- You can only rely on data from structurally similar/analogue substances if you have lawful access to the study reports and other relevant data generated with those substances.
- Apply the prediction of hazards to the target substance: classify and implement risk management measures based on the prediction.
- You need documented justification on why the sources of information provide a conclusion on the information requirement under consideration:
- In principle, any information can be part of a weight of evidence. The weight (contribution) of an individual source of information depends on its relevance to the endpoint in question and on its reliability.
- Relevance is the extent to which the data and tests are appropriate, i.e. if the information is fully reliable, what contribution does it make to the overall conclusion on the information requirement being considered.
- Reliability is the extent to which the information is correct, i.e. the inherent quality of the information. It is closely linked to the test method used to generate the data.
- Read-across approaches can be used as part of a weight-of-evidence adaptation. You must demonstrate a reliable prediction from the source substance to show that the information is relevant. For this, a read-across justification is required and it must follow the principles of the RAAF.
- (Q)SAR information can be used as part of a weight-of-evidence adaptation if it is adequately documented and the substance falls within the applicability of the used model.
- A weight-of-evidence adaptation must consist of at least two relevant and reliable sources of information.
- All weight-of-evidence adaptations are assessed and benchmarked against the information that would normally be obtained from a study performed to meet this information requirement.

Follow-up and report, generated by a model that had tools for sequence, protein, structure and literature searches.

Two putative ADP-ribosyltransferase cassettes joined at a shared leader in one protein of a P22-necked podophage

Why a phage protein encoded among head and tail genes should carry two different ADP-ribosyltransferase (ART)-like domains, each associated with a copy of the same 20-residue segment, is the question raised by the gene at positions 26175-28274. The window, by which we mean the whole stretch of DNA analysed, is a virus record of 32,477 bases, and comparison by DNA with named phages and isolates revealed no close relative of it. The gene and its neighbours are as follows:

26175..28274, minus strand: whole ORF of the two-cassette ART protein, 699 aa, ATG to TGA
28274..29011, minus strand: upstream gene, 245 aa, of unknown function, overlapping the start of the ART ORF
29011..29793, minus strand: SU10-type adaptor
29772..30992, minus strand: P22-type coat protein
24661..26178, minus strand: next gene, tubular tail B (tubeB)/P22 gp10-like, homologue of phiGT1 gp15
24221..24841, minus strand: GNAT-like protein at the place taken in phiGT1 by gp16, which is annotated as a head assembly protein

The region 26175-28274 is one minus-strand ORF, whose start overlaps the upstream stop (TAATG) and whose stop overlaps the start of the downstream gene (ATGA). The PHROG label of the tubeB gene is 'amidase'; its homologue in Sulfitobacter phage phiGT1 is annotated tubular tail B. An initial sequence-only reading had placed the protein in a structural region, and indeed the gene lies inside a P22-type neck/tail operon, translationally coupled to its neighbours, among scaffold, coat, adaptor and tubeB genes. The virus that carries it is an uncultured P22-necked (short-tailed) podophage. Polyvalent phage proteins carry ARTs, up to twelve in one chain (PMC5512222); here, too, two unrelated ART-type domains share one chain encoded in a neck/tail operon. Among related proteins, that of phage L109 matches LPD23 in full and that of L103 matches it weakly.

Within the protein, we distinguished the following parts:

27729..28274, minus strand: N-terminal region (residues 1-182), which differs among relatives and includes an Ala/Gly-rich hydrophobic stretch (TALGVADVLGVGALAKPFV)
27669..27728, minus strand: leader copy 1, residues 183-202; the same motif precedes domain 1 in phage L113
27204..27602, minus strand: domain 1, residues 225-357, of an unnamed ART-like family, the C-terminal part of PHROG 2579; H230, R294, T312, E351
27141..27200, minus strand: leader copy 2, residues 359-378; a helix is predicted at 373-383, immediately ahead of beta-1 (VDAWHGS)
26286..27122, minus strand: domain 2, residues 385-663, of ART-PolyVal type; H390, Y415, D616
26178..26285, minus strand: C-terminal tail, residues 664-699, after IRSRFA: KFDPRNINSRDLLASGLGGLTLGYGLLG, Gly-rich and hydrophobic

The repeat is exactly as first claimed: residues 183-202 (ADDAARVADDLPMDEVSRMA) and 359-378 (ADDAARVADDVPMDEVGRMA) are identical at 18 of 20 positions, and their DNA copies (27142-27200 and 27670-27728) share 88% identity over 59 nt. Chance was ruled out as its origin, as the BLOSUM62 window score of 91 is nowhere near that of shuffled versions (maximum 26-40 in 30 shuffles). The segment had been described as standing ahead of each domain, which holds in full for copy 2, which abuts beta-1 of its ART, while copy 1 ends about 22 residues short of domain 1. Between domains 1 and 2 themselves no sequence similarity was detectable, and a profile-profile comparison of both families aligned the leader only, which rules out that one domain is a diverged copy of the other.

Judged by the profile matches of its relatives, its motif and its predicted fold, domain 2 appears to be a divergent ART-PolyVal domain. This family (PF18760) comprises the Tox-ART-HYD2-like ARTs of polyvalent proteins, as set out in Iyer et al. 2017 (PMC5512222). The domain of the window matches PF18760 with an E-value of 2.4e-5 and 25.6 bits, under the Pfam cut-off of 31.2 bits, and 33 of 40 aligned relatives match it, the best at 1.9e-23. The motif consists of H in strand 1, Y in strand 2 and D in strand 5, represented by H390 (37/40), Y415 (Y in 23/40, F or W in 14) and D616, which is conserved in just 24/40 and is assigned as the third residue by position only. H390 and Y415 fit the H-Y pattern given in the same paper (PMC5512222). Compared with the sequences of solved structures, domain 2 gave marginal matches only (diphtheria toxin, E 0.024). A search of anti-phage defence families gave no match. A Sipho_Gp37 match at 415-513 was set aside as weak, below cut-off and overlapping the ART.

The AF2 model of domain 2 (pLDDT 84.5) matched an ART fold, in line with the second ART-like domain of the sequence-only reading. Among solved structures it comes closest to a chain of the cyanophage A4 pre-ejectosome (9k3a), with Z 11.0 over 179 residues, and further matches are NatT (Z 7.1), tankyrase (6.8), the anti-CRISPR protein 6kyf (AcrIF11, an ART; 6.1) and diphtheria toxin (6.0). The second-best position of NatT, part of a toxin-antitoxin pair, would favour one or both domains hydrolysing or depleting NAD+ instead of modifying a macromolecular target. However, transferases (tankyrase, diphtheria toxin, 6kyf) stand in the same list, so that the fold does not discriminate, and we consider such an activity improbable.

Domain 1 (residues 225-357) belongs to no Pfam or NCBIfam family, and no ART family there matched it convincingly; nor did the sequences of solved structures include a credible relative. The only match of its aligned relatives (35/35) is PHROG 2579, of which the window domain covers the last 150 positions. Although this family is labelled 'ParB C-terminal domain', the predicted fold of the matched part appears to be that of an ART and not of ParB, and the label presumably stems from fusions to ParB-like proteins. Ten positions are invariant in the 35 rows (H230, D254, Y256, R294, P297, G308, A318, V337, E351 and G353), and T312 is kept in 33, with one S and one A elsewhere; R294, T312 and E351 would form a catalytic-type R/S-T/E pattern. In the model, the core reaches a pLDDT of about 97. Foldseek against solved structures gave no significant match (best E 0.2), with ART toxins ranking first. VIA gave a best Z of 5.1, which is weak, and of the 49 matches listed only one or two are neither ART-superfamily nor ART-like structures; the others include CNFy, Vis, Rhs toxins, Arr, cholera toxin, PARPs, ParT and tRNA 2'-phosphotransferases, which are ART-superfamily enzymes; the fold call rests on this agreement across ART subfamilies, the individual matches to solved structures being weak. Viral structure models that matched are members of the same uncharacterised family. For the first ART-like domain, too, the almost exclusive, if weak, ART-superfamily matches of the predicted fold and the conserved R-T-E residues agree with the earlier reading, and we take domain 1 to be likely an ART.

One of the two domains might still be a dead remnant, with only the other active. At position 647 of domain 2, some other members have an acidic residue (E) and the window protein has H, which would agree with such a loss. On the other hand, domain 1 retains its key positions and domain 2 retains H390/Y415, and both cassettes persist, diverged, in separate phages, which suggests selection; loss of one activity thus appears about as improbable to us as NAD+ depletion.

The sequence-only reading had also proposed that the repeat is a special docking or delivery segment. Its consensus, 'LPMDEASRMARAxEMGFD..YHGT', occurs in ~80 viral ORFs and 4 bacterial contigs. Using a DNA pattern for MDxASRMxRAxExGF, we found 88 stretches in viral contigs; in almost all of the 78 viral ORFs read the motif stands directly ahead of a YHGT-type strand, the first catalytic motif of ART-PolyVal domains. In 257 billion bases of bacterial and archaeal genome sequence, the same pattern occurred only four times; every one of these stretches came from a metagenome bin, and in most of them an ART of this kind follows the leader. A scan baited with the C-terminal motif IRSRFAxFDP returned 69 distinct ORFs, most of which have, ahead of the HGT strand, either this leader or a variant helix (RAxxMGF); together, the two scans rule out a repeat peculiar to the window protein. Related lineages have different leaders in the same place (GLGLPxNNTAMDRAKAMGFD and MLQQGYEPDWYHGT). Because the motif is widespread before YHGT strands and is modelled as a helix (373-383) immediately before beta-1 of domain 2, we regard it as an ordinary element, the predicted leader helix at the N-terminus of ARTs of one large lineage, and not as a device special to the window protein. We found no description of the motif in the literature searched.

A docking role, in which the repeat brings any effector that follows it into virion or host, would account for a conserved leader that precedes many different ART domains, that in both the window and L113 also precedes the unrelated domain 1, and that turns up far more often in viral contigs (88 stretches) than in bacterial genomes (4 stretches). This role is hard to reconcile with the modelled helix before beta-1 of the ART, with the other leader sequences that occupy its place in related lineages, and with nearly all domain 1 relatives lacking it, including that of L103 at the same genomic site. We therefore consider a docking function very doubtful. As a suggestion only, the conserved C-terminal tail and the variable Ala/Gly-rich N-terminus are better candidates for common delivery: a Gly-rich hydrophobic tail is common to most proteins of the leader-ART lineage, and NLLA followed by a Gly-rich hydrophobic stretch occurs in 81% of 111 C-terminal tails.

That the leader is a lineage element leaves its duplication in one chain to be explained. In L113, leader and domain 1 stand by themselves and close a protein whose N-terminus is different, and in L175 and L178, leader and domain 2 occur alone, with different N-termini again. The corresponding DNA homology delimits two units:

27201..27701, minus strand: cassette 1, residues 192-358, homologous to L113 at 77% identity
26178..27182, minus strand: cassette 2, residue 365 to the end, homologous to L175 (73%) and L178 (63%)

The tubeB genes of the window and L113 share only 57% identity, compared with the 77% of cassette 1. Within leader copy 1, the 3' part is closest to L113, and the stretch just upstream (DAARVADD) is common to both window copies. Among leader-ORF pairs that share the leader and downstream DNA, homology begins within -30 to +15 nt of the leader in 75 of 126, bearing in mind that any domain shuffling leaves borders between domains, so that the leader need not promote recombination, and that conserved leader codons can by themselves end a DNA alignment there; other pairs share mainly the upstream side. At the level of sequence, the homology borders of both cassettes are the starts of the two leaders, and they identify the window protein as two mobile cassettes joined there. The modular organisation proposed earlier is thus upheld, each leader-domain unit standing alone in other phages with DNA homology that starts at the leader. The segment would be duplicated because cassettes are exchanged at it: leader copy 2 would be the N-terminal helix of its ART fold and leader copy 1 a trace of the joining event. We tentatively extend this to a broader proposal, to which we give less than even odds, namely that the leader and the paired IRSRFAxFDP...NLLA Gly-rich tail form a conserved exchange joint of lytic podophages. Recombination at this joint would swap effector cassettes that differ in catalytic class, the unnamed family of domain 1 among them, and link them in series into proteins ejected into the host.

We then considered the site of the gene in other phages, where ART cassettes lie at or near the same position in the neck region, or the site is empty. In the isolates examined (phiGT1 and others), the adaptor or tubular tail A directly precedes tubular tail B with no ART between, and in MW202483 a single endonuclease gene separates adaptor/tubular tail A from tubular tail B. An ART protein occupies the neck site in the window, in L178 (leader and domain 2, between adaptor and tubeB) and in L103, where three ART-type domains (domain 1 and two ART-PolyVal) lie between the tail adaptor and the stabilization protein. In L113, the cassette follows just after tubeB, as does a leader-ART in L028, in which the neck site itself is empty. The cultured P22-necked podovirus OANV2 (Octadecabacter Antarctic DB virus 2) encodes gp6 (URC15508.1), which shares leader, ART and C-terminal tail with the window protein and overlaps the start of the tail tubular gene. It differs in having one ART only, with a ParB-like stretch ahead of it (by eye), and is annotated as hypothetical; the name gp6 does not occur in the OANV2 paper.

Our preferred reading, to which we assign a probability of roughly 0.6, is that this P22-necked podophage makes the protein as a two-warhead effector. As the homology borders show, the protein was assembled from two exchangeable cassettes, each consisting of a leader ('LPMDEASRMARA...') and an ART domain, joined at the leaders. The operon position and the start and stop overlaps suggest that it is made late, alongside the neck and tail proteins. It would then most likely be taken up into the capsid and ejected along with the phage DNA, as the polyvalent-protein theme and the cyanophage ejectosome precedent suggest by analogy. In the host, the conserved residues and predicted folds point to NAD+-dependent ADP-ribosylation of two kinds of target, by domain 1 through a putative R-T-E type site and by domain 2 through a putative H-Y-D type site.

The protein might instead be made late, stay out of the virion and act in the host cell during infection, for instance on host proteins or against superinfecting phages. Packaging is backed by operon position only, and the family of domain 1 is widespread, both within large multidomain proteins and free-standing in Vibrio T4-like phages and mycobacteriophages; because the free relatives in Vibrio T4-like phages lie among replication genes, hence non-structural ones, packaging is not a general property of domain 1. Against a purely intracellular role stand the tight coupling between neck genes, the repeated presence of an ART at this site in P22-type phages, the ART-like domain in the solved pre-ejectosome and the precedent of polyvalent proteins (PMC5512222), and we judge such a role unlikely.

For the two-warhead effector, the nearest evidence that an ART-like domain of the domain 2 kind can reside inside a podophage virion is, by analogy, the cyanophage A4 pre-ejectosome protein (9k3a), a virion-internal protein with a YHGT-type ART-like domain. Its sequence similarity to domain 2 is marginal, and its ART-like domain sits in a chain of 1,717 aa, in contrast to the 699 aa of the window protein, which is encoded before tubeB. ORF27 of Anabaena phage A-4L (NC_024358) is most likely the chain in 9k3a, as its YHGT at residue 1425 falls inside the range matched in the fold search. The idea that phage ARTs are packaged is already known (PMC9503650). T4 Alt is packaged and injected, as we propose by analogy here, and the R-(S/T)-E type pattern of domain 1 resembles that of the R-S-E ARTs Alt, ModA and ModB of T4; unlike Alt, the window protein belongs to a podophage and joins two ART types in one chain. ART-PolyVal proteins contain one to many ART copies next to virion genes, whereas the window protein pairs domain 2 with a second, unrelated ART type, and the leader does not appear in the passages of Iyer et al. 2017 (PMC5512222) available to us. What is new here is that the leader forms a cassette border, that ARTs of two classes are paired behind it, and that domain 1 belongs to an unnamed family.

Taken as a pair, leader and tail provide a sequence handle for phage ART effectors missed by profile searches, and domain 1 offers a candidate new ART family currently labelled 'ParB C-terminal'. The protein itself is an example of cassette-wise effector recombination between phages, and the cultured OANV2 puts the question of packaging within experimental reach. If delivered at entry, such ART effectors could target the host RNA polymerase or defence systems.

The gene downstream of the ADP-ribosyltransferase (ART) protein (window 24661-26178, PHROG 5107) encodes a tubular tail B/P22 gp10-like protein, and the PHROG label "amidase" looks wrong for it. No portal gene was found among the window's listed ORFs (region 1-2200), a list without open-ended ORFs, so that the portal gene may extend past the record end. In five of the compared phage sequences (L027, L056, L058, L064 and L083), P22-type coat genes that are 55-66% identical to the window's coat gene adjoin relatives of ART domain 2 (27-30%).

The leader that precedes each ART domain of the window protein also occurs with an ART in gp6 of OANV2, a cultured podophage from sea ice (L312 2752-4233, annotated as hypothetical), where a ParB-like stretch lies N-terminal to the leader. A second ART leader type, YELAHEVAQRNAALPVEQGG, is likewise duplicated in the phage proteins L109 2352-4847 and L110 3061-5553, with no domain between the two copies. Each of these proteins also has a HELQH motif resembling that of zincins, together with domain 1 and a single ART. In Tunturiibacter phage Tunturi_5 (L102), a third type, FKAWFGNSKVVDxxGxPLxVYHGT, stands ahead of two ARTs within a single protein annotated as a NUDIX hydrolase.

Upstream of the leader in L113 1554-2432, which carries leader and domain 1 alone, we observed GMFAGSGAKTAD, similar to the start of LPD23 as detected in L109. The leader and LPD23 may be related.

- Completeness is the extent to which the available sources of information cover the data that would be obtained from the study that is normally performed for this information requirement, i.e. a comparison between key parameters covered by the sources of information and the key parameters covered by the benchmark test guideline.
- The weight-of-evidence justification must address the relevance and reliability of each individual information source as well as completeness of the information.
- ECHA can only assess information provided in your registration dossier. This means that for each source of information, you need an endpoint study record containing a study summary or robust study summary. This also applies to calculated or predicted values.
- Testing in accordance with Sections 8.6 and 8.7 of Annex VIII and in accordance with Annexes IX and X may be omitted, based on the exposure scenario(s) developed in the chemical safety report. To support an exposure-based adaptation, you have to provide exposure scenarios in the CSR. This applies even if the exposure scenarios are not required according to the current classification of the substance.
- Adequate justification and documentation must be provided. The justification has to be based on a thorough and rigorous exposure assessment in accordance with Section 5 of Annex I.
- Annex XI 3.2.(a) requires a quantitative exposure assessment. For the adaptation to be acceptable, available test data must enable a DNEL to be derived for the substance concerned that is appropriate for risk assessment. The DNEL derivation should take full account of the increased uncertainty resulting from the omission of the information requirement (i.e. applying additional uncertainty factors). It is not possible to use the DNEL derived from a 28-day sub-chronic toxicity study to waive the 90-day sub-chronic toxicity study. It is also not possible to use the DNEL from a reproductive screening study to waive the extended one generation reproductive toxicity study or the pre-natal developmental toxicity studies.